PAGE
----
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Eschewing the Rat Race for the Work Habits of the 18th Century

Cousins leave uninspiring jobs to take up woodworking tools, painstakingly crafting custom furniture.

April 27, 2001|KAROL V. MENZIE | BALTIMORE SUN

When you think of a woodworking shop, you don't usually imagine a place where bird song outside is louder than the work going on inside.

But such a place is Hubbard Cabinetmakers in Butler, Md., where two cousins are building their future and a business on the furniture-making traditions of the past.

One recent day, Fife Hubbard was carving naturalistic details in the ball-and-claw foot of one leg of a small dressing table, while his cousin, Crawford Hubbard, carefully painted carpenter's glue on the "breadboard" ends of a trestle table top. At the back of the shop, their co-worker Mike Clarkson was using a hand scraper to shape a chair leg. The only modern sound was a radio murmuring in the background.

Jack, the shaggy Newfoundland shop dog, snoozed on his cushion, surrounded by various pieces of exquisite 18th and 19th century-style furniture in various states of completion--the trestle legs for Crawford's table, a nearly finished jewelry box Fife is making for his sister-in-law, chairs with and without legs or backs and a stunning tiger maple tall-case clock, awaiting its finish.

The clock, which Fife Hubbard designed and built, "is loosely modeled on Pennsylvania clocks," he says.

"Loosely" is just about the opposite of how the Hubbards and their work are connected to the past.

They are committed to using the finest materials and workmanship, and the style in which they work is firmly planted in the New England and mid-Atlantic styles of two to three centuries ago. They create their own designs, and they make all their own patterns. They use old tools when it matters. They each work on one piece until it's complete.

But it is, after all, 2000, and not 1800, so while, as in the older tradition, each piece of furniture, each decorative item, that comes out of the shop is custom-made for a waiting client, Hubbard furniture functions in a modern world. A serpentine chest--the piece that will use the rather scary legs Fife is carving--will become a bathroom vanity. A tall jelly cabinet might be an entertainment center. Beds are built for queen-size mattresses.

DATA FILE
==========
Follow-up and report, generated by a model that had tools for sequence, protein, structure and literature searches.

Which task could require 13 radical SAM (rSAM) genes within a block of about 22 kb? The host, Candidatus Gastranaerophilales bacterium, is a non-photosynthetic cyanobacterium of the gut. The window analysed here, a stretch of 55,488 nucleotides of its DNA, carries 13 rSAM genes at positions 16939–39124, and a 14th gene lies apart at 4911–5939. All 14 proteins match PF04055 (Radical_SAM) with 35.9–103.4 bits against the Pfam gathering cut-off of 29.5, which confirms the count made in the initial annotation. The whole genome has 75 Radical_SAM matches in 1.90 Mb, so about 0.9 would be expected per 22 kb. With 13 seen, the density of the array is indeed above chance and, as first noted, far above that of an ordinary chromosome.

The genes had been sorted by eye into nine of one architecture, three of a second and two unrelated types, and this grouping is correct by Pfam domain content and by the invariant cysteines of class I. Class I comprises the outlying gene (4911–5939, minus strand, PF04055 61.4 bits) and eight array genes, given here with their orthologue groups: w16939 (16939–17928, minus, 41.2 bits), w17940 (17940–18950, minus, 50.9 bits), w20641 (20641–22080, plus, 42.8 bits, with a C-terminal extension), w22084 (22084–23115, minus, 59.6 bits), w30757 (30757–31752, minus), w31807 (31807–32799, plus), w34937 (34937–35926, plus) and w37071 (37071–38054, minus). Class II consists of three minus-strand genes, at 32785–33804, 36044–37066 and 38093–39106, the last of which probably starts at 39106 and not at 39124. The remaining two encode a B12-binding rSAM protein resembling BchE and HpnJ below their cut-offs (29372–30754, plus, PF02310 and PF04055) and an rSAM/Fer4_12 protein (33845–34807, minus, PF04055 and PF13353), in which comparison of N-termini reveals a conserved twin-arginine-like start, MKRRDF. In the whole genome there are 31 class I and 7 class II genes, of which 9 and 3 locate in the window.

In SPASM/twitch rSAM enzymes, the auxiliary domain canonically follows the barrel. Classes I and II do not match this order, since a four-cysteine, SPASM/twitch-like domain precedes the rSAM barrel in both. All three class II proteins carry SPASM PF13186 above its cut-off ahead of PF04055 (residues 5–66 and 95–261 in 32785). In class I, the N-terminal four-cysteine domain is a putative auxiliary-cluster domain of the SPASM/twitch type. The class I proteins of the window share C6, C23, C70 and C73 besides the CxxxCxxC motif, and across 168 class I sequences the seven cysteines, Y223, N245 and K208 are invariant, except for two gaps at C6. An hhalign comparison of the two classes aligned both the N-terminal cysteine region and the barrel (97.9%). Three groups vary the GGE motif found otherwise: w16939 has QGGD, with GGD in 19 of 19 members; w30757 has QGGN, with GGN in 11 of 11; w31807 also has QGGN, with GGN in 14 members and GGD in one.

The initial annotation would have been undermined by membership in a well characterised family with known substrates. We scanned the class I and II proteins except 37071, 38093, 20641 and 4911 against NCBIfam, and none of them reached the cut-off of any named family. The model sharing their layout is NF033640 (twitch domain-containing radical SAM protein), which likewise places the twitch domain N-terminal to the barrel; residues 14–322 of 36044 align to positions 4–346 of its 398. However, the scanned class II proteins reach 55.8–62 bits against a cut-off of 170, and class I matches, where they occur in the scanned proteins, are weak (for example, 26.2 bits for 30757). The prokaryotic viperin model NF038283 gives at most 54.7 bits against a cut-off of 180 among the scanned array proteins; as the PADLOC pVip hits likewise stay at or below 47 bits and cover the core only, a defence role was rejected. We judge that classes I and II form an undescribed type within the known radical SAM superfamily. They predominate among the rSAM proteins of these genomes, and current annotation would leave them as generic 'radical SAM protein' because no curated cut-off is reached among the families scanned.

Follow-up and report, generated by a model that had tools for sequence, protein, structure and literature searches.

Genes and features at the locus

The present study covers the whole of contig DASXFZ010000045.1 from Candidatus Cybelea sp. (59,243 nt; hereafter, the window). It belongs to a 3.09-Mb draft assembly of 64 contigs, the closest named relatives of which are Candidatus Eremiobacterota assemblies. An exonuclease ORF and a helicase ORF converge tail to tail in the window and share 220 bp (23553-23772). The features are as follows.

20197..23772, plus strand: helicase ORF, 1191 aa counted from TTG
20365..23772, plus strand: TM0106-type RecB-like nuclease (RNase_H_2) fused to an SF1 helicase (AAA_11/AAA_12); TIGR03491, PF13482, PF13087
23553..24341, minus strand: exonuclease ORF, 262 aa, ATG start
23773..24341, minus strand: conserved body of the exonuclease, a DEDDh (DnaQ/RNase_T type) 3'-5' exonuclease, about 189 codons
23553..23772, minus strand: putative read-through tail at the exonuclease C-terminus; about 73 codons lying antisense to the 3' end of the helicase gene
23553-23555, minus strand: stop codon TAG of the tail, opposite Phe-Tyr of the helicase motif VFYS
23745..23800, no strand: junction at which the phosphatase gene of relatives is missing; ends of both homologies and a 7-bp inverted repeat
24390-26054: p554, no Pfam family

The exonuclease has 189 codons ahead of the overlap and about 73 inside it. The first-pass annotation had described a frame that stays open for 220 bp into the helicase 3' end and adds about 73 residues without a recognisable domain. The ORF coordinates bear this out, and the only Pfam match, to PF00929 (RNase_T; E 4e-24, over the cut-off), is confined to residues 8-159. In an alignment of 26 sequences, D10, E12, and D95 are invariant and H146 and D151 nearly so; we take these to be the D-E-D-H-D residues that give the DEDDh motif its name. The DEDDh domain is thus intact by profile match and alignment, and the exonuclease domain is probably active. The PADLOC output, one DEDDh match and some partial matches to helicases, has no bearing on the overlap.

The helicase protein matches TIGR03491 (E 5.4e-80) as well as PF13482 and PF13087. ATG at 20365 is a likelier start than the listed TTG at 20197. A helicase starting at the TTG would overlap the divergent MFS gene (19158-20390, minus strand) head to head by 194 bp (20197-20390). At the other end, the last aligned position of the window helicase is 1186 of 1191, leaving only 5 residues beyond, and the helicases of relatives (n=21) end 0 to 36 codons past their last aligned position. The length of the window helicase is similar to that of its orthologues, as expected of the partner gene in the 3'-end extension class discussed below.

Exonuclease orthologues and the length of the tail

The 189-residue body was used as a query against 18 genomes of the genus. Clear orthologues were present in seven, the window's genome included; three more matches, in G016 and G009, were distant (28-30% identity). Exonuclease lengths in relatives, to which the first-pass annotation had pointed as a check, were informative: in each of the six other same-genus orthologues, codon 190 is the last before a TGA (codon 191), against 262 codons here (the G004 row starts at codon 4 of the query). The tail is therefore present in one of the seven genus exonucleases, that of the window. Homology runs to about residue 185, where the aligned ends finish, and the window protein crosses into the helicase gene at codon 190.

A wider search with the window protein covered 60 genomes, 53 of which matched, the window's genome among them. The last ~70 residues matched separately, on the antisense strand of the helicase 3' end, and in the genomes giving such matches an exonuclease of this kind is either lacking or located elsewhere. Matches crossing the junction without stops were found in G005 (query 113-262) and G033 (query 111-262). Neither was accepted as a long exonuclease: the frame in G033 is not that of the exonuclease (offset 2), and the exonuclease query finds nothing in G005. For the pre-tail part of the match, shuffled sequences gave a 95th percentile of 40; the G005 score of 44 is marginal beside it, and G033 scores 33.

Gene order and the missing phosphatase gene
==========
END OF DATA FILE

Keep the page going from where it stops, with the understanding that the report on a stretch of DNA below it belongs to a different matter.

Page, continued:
"We do some things that are strict reproductions," says Fife, citing a Dunlap-pattern chest Crawford has been working on. "But mostly we use the 18th century pieces more as precedents than as things to copy."

The cousins--Fife is 33, Crawford 30--are, at first hearing, unlikely craftsmen. Until a few years ago, Fife was an environmental writer in Maine; Crawford provided technical support for clients of an accounting software company in San Francisco.

But Fife had been bitten early by the furniture-making bug; he and his father, Paull Hubbard (brother of Crawford's father, A.C. Hubbard), got interested in it about the same time, in the mid-'80s. At first, Fife says, he was interested in "really rustic, post-and-beam" construction. But that proved a hard sell. "I had to make a living."

So he turned instead to the furniture of his ancestors, including one Joel Joslyn, who worked with craftsmen named Dunlap. The Dunlaps, one of a number of Scots-Irish artisan families who had immigrated to Northern Ireland and then to North America, set up shop about 1765 in Antrim, N.H. After six generations, there are still Dunlaps doing cabinetry in Antrim. Three and a half years ago, Fife moved to Baltimore to be near family.

About 2 1/2 years ago, Crawford, who was finding accounting software mind-deadeningly dull, came to Maryland to visit. When he saw what his cousin was doing, he couldn't wait to abandon the sterile life of a computer geek for the creative life of a custom cabinetmaker.

When most people hear the word "custom," they think of kitchen or bath cabinets, or storage or entertainment units--and there are lots of companies making those. In most of these cases, "custom" means made to fit, not individually designed. The kind of work the Hubbards do, which often involves hours of intricate hand-carving, is quite different.

"That kind of [historic] craft tradition is very rare these days--custom cabinetry that really is custom," says Mayer Rus, editor-in-chief of Interior Design magazine. "That hand-craft tradition seems to be gradually dying out."

He's not familiar with the tiny shop's work--not many people are--but he knows about the economics of a craft approach. "It's not easy to make a successful business that way," he says, "which makes it all the more rare."

But the Hubbards find it works just fine. Clearly there's a keen artistic sense at work in both cousins--a fine eye for line and proportion. But they have a sense of how to manage their artisan enterprise.

Hubbard pieces are not inexpensive, but they are reasonable for the amount of work required. A Dunlap-style chest or lowboy might cost about $4,000; a tall chest about $6,000 to $7,000. The tall clock Fife is making will cost around $8,000, "because the works are expensive."

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